• Reply
    Kay Paul
    November 4, 2019 at 8:17 am

    I collect “antique” recipes so I would love to have a copy of the book!

  • Reply
    November 4, 2019 at 8:14 am

    My uncle told me that when he was a boy, eleven years old, his daddy died, and they fell on hard times, and all they had to eat was molasses and cornbread. They ate that three meals a day for a long time, and he said he swore to himself that when he got grown and on his own, he would never eat another bite of cornbread or molasses as long as he lived. He grew up to be quite prosperous, And could eat whatever he wanted, and lived a long life, but cornbread and molasses he never ate again.

    • Reply
      Ed Ammons
      November 4, 2019 at 8:37 pm

      Molasses and cornbread got him through the hard times and made him into a prosperous man! Looks to me like he would have revered it. I was raised on cornbread and buttermilk and still love it. I have it at least weekly. If cornbread and molasses had killed his daddy I could understand him hating it maybe. I guess some people have a different way of looking at things.

  • Reply
    Richard Beauchamp
    November 4, 2019 at 8:03 am

    Please include me in the give away.

  • Reply
    aw griff
    November 4, 2019 at 7:47 am

    My Wife is a cookbook collector. She buys them at flea markets and estate sales. We have cookbooks running over top one another, but she doesn’t have that one. That one would make a great addition.

  • Reply
    Ed Karshner
    November 4, 2019 at 7:38 am

    Tonight for our supper, Alex and I are having chili soup and cornbread. Cornbread goes with about anything.

    We really need to go see the Girls play. We’re hoping to make a trip this summer.

  • Reply
    Deborah Maxey
    November 4, 2019 at 7:33 am

    Some of my fondest memories of childhood is going with my grandfather to the mill where his corn was ground. I got to pick out the feedsacks that would become our dresses, aprons, curtains and the like. All of the old recipes are still my recipes and when we go to church dinners (with an elderly congregation), my dishes are among the favorites because they bring back old memories. Thanks for the post. As always, it’s excellent.

  • Reply
    William P Dotson
    November 4, 2019 at 7:15 am

    Thanks Tipper for the chance of maybe winning this book.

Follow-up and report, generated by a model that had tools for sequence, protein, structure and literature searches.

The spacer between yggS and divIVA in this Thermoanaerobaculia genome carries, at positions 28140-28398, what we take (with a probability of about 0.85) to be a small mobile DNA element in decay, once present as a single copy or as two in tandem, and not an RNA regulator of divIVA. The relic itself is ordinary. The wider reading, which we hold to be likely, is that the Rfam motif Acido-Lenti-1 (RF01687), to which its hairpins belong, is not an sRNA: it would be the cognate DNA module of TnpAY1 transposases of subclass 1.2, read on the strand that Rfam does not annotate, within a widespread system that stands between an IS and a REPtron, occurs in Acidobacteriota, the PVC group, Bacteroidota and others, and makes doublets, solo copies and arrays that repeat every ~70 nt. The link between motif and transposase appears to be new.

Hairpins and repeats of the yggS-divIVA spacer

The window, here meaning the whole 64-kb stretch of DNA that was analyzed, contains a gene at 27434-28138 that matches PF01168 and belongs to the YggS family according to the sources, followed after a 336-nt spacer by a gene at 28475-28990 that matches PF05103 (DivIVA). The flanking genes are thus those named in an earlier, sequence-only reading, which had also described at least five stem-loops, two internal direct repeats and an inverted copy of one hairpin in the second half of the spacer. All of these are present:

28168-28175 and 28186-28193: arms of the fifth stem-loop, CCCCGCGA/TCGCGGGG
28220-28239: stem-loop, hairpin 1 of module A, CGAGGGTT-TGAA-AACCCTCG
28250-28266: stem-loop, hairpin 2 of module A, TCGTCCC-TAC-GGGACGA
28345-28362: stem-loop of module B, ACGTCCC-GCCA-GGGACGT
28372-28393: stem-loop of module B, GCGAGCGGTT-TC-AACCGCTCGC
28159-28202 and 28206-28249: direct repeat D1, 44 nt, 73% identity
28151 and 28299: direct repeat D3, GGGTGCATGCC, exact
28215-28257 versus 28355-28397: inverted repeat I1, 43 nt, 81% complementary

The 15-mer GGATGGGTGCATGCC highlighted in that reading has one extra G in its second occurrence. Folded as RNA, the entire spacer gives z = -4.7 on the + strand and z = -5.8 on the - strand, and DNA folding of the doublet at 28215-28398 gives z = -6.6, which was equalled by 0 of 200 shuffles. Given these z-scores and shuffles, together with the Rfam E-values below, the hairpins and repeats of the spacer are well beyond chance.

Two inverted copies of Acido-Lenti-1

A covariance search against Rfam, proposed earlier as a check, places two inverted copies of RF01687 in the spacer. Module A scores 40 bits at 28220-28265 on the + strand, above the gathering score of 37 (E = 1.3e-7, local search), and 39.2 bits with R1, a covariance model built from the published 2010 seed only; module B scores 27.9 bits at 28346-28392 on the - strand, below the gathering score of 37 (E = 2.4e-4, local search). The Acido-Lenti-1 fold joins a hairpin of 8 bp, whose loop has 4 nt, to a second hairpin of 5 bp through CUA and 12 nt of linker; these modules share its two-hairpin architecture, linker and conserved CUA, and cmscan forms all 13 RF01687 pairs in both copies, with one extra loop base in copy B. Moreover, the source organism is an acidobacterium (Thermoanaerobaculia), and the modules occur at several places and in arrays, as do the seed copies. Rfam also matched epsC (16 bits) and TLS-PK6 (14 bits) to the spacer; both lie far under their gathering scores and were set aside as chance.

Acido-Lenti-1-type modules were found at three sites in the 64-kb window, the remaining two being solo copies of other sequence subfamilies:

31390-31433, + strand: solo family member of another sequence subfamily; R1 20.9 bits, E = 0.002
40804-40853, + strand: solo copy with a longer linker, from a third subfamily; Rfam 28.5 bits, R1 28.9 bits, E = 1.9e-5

• Reply
    carol harrison
    November 4, 2019 at 7:11 am

    This book sounds like one that I would enjoy. I like old timey cook books.

  • Reply
    Gayle Larson
    November 4, 2019 at 7:07 am

    I love the old recipes. I still use my Mother’s hand written recipes handed down from my Grandmother and friends. Some of them are a bit bland but a good start to add a few spices of my own.

  • Reply
    Don Byers
    November 4, 2019 at 7:01 am

    Good history! I am re-reading my “Green Book”. Margaret Freel’s “Our Heritage” of Cherokee, Clay & Graham Counties. First published about 1956. I believe it is the most interesting book of our area in in existence. And she had no internet!!!No, no Findagrave! Lots of work went into that book. My Uncle Ed Mauney contributed the Mauney and some other parts. His wife was the former Blanche Henson from the Bell View/Martin’s Creek area. I believe Blanche and her sister attended the folk school in the early days. Blanche was related to the Hatchetts and other families of that area. Uncle Ed was the appointed historian of Union County, GA. He was a wealth of information for other history buffs but didn’t write much down…the Freel book also has some great Moore family history…W.T. Moore built schools(Elf, Martin’s Creek, Robbinsville and others) hotels, bridges, was subcontractor on the Snow Bird Lodge. Most of his work is still standing. He did a lot of stonework. And you do a lot of good work, Tipper!!!!Keep on keepin’ on!

  • Reply
    Miss Cindy
    November 4, 2019 at 6:45 am

    Tip, we go to the grocery store today and see a world of choices including all manner of cookies and other sweets, we see a huge variety of fresh vegetables…year round. The early people here had cornmeal, molasses, and honey plus wild meat and domestic pigs and not a whole lot more, milk if they had a cow.
    I’m sure this book will be interesting!

  • Reply
    Wesley P Bossman
    November 4, 2019 at 6:42 am

    Well these are a few of my favorite things! That information is something I would use so please put me in the running! Thanks for the Thankful November opportunities!

  • Reply
    November 4, 2019 at 6:13 am

    this sounds so interesting!